I hear the waves as they pound the coast. What a wonderful spot! There is every reason to be contented in the here and the now.

Why then recall the past? Why resurrect history?

For years I have been Micha again, and almost nobody knows that once my name was Nico. But that boy who was given a new name and forced to survive alone far from home, that boy refuses to go away. He lives inside me.


Soon after my birth in Hillegersberg, we moved to Blijdorp, at the time a new and modern suburb of Rotterdam. Our apartment building was close to the zoo. Our flat was spacious and agreeable, light and colorful.

I can still visualize the children’s room with its blue sofa and numerous brown bears.

Annie, our nanny, lived with us and was a central figure in my life.

So was John, who was three years older. He used big words and went to school. I looked up to him, convinced that he knew everything.

Mom and dad were very important too, but in a different way. They clearly belonged to an older generation. Annie was in between. My parents were more distant, and then again, not really. It’s hard to explain. I clung to them, admired them, and yet was fully aware that they were grown-ups, and I only a small boy.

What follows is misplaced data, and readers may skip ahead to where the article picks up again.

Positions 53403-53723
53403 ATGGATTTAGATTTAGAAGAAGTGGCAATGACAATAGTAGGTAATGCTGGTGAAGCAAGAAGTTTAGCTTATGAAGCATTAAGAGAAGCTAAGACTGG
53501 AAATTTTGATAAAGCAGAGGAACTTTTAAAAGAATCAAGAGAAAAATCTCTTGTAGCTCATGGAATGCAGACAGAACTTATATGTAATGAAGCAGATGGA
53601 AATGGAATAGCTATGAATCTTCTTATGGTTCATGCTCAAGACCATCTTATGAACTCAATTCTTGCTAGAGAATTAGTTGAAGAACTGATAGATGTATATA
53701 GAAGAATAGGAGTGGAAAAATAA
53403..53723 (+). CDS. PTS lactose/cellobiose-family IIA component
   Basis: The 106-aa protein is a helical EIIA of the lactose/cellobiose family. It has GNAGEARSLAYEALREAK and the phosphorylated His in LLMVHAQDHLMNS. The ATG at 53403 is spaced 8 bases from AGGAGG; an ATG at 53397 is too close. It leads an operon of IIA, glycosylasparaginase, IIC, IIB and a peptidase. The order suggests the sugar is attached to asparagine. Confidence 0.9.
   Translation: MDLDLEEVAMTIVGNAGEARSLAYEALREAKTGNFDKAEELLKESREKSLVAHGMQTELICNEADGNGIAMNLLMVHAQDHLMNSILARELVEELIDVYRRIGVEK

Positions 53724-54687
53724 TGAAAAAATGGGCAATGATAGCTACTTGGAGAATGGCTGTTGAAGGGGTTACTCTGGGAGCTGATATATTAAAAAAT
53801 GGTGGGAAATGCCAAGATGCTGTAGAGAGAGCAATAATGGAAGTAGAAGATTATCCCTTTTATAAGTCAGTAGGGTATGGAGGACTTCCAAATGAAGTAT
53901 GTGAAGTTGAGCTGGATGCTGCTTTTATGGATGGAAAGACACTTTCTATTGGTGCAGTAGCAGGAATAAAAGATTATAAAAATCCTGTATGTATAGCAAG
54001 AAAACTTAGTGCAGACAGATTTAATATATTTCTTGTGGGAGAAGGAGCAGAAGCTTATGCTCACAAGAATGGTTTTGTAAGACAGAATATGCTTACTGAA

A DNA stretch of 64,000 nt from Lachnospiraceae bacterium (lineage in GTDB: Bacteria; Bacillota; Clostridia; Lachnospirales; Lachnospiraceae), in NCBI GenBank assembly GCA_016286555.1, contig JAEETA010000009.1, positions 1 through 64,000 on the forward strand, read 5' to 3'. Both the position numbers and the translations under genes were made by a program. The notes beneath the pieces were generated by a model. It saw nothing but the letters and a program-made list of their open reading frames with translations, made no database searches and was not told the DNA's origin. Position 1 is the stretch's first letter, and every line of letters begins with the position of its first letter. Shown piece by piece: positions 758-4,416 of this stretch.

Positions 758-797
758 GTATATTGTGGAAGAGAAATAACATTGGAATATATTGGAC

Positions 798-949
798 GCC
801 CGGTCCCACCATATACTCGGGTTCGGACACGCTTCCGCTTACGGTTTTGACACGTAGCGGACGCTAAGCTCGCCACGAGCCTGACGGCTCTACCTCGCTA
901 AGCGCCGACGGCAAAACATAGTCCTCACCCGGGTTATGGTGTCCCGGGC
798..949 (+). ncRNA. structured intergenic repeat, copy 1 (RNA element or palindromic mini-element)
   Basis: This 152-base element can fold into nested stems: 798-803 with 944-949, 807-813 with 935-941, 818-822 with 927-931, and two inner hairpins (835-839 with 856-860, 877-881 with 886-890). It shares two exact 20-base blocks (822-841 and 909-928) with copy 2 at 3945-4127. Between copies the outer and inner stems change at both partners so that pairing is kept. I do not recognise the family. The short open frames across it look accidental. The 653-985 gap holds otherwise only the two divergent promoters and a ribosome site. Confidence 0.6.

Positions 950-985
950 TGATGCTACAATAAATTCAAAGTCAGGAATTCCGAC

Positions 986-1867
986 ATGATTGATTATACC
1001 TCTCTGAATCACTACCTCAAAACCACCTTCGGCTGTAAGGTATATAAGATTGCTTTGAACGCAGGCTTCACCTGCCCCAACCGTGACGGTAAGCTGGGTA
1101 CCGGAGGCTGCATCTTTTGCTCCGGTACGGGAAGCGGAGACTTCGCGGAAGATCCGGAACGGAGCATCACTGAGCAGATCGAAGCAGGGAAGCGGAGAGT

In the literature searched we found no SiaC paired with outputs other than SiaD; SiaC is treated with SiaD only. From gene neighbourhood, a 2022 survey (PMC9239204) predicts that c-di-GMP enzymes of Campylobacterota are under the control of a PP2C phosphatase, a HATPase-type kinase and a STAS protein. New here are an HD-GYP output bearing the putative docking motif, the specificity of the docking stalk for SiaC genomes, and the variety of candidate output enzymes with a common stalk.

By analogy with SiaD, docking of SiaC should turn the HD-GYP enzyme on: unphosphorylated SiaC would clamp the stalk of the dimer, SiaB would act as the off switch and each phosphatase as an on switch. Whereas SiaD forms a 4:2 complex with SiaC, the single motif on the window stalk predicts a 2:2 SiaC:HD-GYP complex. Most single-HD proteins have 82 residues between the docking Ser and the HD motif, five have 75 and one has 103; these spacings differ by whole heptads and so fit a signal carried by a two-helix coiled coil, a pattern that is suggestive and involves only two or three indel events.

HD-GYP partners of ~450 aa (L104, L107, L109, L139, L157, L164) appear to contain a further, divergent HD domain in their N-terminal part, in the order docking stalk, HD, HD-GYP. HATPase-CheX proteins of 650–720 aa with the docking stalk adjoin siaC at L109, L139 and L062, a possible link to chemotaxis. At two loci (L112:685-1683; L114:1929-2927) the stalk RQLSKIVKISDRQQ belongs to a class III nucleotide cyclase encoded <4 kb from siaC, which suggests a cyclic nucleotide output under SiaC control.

My world consisted of the apartment, the street and the surrounding neighborhood.

Once in a while I walked to my grandparents’ flat, my maternal grandma and grandpa. There wasn’t much traffic yet at that time, and the walk down the street, across the square with the pond - was reasonably safe. Too small to reach the bell myself, I would ask a passer-by to ring the bell for me.

My grandparents’ refrigerator was reliably stocked with bowls of mixed fruit. Something more delicious than that I could hardly imagine.

Grandma usually sat at the window. She was blind, though at times she could see a little and would recognize my dark curls and grey-blue eyes. She was a large, plump woman: bright ánd nervous. When she had bouts of hysteria which happened quite frequently - she took valium drops in a glass of water. Once in a while she would have a fainting-spel. That shook me up considerably.

Granddaddy was a jovial man, good-natured, generous, optimistic: he took life in stride. He was retired, but enjoyed once in a while visiting the business in the inner city of Rotterdam. Large rolls of carpet and linoleum were everywhere. He had founded the firm, but when father, and mother’s two brothers, had mastered the trade, he retired and spent his days playing billiards and smoking large cigars. Granddad didn’t go out a lot; he would have been reluctant to leave grandma alone.

Mother adored her father - that was obvious but she didn’t get along with her mother. It was a frequent topic of conversation at home. Apparently it had always been that way and never changed.

Both my maternal grandparents had a Dutch provincial background: grandpa was born in Gouda, grandma in Schoonhoven. Though conscious of their Jewish heritage, this wasn’t a dominant factor in their lives. Both came from families that weren’t particularly poor. Yet, since there were numerous siblings, each had to work for what he or she got.

Grandfather was proud of his humble beginnings as a chocolate salesman. Once when grandpa was courting and hoped to impress my grandmother, the two of them are said to have consumed all of his samples. I never heard how the story ended.